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One Ring, to rule them all

The Chicago Tribune carries this story:

New Orleans – If you think the prescription drug you took for headaches caused your heart attack, the Food and Drug Administration says you can’t sue the maker for injury if it met agency standards.
The Consumer Product Safety Commission says you can’t sue a mattress maker if your mattress bursts into flame despite meeting CPSC standards. Companies making sport utility vehicles would get similar protection from suits brought by people injured or the families of those killed in rollovers under National Highway Traffic Safety Administration proposals for stronger roofs.

Plaintiffs’ attorneys call it “silent tort reform.” But it’s part of tension existing since the nation’s founding: conflict between state and federal law.

If they clash, state laws give way. That’s in Article Six of the Constitution. But in areas where there is no federal law, federal courts must defer to laws of the state where a lawsuit is heard. That includes product liability.

A developing body of judicial opinion could place new limits on the rights of those who buy or use products, consumer advocates say. It also could mean the savings of billions of dollars by companies insulated from lawsuits.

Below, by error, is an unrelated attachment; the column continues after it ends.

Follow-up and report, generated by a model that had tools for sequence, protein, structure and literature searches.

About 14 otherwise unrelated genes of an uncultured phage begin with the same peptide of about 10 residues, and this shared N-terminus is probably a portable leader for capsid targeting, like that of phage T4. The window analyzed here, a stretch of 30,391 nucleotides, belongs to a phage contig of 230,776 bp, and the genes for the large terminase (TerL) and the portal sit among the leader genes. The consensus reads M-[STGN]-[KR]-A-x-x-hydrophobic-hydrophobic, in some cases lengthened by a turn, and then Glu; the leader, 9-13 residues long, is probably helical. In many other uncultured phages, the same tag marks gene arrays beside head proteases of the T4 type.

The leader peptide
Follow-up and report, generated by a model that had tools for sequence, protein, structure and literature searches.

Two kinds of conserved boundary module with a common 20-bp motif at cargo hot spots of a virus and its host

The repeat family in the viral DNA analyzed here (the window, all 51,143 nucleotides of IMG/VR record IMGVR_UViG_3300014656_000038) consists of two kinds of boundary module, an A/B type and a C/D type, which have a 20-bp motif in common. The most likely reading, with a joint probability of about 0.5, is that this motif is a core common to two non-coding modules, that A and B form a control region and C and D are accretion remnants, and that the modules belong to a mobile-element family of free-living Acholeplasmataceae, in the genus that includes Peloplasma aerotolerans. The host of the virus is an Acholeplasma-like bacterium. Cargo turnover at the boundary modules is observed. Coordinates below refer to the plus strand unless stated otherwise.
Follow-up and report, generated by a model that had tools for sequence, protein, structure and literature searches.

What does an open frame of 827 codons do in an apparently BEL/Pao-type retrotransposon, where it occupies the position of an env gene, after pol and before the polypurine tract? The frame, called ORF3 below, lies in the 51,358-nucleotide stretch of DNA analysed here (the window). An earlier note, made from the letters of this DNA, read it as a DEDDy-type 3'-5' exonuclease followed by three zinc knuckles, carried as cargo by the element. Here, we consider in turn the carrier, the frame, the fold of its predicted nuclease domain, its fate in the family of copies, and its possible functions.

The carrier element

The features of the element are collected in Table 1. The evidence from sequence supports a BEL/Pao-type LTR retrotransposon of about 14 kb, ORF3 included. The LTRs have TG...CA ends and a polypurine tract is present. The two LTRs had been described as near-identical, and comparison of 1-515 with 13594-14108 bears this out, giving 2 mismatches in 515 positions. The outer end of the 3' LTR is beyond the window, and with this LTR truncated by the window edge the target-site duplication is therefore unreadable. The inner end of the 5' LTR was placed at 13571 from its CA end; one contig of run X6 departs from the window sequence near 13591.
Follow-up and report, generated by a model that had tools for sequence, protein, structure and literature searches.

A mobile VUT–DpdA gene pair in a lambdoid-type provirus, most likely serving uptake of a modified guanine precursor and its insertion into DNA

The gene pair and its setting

What’s riling plaintiffs’ lawyers, consumer groups and some regulators is agencies’ assertions their rules override state product liability laws. Most such claims are rooted in statements in the introductions to their rules, not the rules themselves.

“These pre-emption preambles may be only the beginning,” New York University law professor Catherine Sharkey wrote in the DePaul Law Review. She projected preambles may “displace competing or conflicting state regulations or common law as a matter of course.”

We have seen how the OCC has pre-empted financial regulation from states through administrative action without much discussion. Devices have been pre-empted from the injury lawsuit as well.

Now, is this giving new meaning to the word captured, and what is being captured? And what words describe the process? And are other areas of life be captured in similar fashion?

And we are shrinking their resources?

Update: The real issue here is the stealth issue, massive changes without public discussion. I would have as much concern if federal law was torn to shreds by “states rights” advocates. My assumption is the issue is used to screen and confuse the real interests behind the push, which usually is public policy and needs lights and transparency before the impact is felt that the changes cause, and then forced into the open, for “good” or “bad”. The second issue is what the changes are about, which at least is debated in the examples in comments. The rather glib “sue the FDA” answer turns our current system on its head.